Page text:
The baseline assessment provider chosen by more than half of England’s primary schools last year is expecting its numbers to plummet following the government’s decision to abandon the tests as a progress measure.

Jan Dubiel, Early Excellence’s national development manager, told Schools Week that schools were still signing up to his company’s assessment, but he projected that “by the end of May we will be in the low thousands”. Last year the organisation signed up more than 12,000 primary schools.

The Department for Education (DfE) announced last month that the controversial tests will no longer be used to track school performance in official tables.

The decision came in the wake of a comparability study, first received by the department on January 6 but not published until last month, which showed the three approved assessments were not comparable. This confirmed a Schools Week’s investigation that also revealed the report was sitting in the department back in February.

Providers of the ditched tests said they were always aware of the study, but claimed their approaches were never going to be comparable because the approved assessments were not designed to be similar.

The assessments, introduced last autumn, required teachers to test four and five-year-olds in their first weeks in the classroom so their progress could be measured throughout primary school.

Teachers criticised the tests as a distraction and several unions called on school leaders to withdraw while they were still optional.

Primary schools can continue using the tests, which will be funded by the DfE for another year, but there is little incentive now they will not be used to track progress.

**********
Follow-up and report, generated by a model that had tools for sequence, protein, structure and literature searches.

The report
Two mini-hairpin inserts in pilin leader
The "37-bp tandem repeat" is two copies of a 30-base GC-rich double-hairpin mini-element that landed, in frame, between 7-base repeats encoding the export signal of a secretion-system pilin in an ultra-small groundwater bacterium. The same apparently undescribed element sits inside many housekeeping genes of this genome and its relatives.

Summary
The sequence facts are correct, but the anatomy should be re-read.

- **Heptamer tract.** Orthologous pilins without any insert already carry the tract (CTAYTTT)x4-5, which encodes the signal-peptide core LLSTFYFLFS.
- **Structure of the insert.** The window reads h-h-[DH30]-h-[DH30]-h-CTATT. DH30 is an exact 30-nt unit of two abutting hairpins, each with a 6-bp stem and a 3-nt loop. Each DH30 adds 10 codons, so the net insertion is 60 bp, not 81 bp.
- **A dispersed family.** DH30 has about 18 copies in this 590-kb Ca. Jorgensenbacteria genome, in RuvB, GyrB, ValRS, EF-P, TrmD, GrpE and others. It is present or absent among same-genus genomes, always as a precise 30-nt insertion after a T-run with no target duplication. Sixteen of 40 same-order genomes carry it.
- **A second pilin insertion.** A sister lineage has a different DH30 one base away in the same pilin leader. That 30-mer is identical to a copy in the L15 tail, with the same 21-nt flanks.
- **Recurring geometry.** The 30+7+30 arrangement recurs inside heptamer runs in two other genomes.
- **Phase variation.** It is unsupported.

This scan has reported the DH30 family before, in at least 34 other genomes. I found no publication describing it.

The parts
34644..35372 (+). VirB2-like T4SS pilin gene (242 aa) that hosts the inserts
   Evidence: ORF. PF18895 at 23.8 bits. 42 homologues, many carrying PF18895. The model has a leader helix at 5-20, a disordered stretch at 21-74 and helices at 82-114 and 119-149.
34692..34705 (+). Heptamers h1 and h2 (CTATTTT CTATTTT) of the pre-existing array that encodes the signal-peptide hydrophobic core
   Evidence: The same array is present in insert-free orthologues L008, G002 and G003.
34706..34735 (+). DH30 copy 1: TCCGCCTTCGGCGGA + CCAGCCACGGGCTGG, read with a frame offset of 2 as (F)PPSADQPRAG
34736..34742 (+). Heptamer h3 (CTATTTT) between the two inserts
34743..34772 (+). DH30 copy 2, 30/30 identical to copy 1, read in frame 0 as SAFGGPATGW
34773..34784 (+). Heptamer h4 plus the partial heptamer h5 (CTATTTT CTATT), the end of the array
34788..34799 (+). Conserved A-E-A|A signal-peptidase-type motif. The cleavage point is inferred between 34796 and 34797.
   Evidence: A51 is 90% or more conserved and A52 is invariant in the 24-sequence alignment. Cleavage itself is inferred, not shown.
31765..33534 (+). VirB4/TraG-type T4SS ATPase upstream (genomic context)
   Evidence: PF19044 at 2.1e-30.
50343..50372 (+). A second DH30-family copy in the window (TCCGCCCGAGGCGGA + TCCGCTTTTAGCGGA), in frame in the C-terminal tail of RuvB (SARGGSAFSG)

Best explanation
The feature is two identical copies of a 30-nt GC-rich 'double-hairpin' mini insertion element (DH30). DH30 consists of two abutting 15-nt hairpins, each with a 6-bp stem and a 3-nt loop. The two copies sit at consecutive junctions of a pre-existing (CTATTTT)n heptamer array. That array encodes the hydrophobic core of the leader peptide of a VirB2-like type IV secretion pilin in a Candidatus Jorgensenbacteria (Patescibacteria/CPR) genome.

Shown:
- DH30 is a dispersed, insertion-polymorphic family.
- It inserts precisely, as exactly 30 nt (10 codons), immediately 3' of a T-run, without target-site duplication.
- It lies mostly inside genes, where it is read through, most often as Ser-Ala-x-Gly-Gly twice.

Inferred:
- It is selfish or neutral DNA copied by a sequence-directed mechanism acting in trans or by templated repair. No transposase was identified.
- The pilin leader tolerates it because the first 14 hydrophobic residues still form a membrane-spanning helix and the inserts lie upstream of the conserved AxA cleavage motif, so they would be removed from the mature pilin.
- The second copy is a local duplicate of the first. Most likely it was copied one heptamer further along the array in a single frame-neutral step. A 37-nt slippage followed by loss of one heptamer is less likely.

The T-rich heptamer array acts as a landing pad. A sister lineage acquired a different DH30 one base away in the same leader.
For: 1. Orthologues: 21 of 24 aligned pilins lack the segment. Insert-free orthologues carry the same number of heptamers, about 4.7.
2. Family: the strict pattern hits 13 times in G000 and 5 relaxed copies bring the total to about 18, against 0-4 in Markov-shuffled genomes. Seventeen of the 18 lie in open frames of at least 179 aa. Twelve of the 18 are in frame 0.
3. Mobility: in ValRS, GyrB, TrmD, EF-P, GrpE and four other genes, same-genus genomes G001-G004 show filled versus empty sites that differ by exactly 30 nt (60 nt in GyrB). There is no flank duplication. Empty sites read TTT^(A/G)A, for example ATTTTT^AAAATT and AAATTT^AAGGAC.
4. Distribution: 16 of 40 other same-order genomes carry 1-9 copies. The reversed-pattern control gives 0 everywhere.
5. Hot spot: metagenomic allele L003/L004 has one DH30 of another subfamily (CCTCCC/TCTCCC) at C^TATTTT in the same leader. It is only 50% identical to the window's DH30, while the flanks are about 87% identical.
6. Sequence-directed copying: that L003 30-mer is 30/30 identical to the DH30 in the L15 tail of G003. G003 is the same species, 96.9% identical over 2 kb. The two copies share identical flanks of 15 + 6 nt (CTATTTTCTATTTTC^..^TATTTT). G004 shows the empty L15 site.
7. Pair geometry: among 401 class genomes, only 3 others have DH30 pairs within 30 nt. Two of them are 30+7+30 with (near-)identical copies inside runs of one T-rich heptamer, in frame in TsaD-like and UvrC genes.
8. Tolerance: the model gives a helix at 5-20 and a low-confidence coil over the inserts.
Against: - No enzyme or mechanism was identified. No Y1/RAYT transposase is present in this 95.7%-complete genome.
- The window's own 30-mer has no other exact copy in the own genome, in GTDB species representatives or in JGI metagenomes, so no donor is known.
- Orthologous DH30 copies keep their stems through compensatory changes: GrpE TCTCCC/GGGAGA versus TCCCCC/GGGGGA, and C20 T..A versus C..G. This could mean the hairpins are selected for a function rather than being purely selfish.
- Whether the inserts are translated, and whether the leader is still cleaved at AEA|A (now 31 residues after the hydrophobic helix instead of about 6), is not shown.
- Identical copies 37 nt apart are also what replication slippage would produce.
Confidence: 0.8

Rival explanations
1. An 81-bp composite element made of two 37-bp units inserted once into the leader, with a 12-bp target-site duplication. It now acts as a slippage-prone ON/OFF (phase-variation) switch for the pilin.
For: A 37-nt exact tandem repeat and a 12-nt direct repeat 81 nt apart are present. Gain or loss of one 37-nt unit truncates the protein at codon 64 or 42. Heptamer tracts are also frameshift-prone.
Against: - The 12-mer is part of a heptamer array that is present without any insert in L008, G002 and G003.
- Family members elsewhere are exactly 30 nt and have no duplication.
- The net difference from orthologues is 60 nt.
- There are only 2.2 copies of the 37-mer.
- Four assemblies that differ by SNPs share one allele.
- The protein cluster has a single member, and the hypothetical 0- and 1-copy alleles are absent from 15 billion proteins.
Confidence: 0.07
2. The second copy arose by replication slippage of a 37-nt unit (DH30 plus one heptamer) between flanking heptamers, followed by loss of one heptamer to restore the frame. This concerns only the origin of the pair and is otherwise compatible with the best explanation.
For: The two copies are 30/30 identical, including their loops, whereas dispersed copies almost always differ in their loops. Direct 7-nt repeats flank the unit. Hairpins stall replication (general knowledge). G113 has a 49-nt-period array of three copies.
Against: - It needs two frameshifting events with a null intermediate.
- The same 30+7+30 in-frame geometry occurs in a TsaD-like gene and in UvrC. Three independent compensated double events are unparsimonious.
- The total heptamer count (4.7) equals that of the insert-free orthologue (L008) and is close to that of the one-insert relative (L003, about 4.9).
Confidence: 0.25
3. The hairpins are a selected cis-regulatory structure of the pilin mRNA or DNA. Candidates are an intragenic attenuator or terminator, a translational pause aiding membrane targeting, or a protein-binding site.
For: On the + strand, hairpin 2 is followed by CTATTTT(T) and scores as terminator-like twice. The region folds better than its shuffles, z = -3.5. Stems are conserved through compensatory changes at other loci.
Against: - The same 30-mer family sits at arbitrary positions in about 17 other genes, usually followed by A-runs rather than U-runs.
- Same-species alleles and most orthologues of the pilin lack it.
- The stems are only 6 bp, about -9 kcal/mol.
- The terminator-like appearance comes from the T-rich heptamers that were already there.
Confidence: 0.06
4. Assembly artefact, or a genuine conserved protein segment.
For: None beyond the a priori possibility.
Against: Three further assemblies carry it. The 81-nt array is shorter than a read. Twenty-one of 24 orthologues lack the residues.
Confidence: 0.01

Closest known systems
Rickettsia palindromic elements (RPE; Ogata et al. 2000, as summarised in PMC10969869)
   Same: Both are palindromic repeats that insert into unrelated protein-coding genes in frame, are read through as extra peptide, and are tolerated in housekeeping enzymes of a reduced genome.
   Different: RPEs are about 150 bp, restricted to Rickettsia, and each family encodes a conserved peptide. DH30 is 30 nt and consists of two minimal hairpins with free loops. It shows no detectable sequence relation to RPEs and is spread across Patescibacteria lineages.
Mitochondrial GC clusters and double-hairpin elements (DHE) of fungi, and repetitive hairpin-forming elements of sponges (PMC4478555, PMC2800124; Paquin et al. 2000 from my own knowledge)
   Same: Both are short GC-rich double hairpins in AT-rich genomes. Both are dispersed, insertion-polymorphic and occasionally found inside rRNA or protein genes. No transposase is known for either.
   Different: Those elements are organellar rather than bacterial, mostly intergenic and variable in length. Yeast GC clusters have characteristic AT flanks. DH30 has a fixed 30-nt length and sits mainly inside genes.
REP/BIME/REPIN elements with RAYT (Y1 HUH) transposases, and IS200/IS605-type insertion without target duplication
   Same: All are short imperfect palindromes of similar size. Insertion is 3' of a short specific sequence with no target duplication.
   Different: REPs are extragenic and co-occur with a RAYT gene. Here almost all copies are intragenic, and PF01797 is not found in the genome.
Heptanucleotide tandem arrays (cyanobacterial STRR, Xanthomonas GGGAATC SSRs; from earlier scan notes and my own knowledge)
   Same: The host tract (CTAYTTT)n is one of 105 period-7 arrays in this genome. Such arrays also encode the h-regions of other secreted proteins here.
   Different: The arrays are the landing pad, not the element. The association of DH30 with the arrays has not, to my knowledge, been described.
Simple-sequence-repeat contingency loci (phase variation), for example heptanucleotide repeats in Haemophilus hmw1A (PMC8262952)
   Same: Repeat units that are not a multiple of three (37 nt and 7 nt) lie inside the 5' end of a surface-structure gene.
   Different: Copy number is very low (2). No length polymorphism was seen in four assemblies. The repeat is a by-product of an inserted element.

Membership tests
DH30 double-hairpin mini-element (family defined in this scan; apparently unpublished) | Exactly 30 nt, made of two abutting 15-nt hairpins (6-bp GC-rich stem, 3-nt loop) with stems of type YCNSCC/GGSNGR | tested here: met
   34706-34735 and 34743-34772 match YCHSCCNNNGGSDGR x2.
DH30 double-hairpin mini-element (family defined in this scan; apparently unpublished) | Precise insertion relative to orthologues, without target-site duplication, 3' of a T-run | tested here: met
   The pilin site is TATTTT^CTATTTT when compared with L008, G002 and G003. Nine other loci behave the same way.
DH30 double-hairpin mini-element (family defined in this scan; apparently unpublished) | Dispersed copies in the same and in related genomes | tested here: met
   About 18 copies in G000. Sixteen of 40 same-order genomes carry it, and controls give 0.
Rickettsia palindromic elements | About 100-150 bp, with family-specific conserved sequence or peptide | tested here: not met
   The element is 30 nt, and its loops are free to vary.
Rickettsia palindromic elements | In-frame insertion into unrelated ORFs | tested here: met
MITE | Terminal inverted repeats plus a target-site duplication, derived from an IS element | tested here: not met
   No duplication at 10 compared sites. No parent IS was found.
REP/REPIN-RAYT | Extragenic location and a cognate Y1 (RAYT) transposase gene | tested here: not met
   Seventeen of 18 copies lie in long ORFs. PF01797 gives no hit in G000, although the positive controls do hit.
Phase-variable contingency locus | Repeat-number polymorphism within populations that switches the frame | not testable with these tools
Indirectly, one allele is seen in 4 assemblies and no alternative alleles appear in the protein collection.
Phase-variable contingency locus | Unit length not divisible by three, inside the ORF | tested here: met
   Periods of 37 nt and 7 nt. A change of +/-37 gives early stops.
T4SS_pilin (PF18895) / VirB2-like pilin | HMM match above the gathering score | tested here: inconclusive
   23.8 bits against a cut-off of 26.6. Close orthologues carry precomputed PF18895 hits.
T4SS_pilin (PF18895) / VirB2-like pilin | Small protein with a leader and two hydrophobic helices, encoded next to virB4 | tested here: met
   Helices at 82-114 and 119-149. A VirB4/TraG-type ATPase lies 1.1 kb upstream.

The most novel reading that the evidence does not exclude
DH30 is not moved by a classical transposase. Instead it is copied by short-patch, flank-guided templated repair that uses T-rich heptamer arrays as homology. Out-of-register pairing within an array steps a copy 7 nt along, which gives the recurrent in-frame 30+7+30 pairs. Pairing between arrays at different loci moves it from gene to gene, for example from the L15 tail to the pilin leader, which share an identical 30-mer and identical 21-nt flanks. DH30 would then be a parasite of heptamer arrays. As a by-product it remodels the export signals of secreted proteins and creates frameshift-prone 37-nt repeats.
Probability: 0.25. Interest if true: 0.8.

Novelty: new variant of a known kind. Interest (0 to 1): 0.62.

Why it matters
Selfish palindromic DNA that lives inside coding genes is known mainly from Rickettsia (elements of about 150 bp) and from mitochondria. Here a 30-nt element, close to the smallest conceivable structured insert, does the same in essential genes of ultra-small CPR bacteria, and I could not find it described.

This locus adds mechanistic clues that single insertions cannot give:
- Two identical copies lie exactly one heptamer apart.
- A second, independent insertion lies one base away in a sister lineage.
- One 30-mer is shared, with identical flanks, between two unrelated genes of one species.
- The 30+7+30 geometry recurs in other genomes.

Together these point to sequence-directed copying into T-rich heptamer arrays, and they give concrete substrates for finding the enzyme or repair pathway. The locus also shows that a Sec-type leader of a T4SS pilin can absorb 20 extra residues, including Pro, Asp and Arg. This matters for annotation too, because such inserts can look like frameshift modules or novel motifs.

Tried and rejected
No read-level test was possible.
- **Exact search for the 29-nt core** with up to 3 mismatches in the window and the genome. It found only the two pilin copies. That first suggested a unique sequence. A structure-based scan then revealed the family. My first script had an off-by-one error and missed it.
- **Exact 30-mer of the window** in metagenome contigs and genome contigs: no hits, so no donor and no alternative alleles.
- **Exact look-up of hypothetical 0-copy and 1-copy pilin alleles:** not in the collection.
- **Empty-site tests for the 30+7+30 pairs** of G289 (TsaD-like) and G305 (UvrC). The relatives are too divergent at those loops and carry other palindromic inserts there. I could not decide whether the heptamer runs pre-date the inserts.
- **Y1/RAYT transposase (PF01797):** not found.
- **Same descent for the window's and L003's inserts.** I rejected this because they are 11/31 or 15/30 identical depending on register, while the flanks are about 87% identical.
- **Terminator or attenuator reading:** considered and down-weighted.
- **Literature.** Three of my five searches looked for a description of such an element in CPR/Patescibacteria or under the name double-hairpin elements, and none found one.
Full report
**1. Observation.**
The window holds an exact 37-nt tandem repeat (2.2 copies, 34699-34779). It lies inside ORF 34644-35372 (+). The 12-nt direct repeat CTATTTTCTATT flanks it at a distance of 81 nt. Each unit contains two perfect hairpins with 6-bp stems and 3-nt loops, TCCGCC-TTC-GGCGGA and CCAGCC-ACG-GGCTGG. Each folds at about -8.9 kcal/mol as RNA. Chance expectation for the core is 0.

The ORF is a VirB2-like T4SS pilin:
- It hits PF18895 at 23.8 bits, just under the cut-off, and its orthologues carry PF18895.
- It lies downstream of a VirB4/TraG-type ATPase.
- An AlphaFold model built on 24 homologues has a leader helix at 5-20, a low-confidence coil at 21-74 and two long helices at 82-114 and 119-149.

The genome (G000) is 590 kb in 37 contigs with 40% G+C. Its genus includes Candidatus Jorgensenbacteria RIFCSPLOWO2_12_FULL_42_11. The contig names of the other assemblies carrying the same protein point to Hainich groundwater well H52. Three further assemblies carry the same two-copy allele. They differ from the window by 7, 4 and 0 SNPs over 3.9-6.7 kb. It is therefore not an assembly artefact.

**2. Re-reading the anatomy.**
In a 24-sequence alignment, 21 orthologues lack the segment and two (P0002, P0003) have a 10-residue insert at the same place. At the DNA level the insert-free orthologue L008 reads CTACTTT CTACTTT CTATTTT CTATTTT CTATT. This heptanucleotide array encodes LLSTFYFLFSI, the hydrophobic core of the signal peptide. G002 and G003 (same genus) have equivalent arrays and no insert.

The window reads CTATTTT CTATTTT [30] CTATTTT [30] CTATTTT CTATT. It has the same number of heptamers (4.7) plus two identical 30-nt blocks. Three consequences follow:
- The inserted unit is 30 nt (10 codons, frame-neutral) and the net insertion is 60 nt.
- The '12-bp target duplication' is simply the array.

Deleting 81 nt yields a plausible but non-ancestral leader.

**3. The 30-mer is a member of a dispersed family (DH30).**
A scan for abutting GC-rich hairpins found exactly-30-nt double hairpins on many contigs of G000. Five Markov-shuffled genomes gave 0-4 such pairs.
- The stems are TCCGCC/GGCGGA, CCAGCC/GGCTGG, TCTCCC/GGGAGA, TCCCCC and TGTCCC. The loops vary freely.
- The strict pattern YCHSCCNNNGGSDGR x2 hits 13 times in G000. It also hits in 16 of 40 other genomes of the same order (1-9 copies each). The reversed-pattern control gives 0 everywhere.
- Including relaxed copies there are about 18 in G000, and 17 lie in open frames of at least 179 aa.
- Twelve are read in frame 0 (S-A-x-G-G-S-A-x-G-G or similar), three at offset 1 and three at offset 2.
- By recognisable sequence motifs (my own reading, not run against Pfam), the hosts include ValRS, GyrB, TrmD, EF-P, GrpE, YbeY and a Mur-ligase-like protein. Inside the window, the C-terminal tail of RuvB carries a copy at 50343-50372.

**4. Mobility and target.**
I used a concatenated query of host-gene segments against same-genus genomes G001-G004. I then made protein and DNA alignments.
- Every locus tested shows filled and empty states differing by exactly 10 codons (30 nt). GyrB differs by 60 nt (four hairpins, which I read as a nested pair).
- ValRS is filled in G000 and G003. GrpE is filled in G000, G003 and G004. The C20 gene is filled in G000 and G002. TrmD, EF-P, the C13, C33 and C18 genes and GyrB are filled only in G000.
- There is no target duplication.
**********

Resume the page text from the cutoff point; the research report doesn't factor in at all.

Dubiel said Early Excellence’s assessment, a model that involves observations rather than formal tests, was “getting quite a broad response” considering schools did not have to use it now.

“We will wait and see how it goes,” he said.

“What we found last year was that it took a while for schools to start signing up and then as time got to the end, because there was a cut-off date, the numbers generated so that might happen again.”

Rob Coe, director of Durham University’s Centre for Evaluation and Monitoring, another approved provider, said his company had also received a “good” response following the DfE announcement last month.

“We were a bit uncertain whether a lot of schools would want to pull out but it doesn’t look that way at the moment,” he said.

“I don’t know what the total numbers will be but it is more positive that I had perhaps worried about.

“It may not be part of accountability now but it is still part of wanting to track where children are at and how they are going.”

A spokesperson for the National Foundation for Educational Research, the third provider, said their recruitment numbers “remain confidential” but that there had been “continued interest” in its assessments although “it is early for schools to order”.

The jettisoning of the tests was just one in a number of troubles for primary testing this year.

The spelling, punctuation and grammar tests for all year 2 pupils were scrapped last month after material had been accidentally released months in advance, and answers to a key stage 2 English test, sat by pupils earlier this week, were also leaked online.

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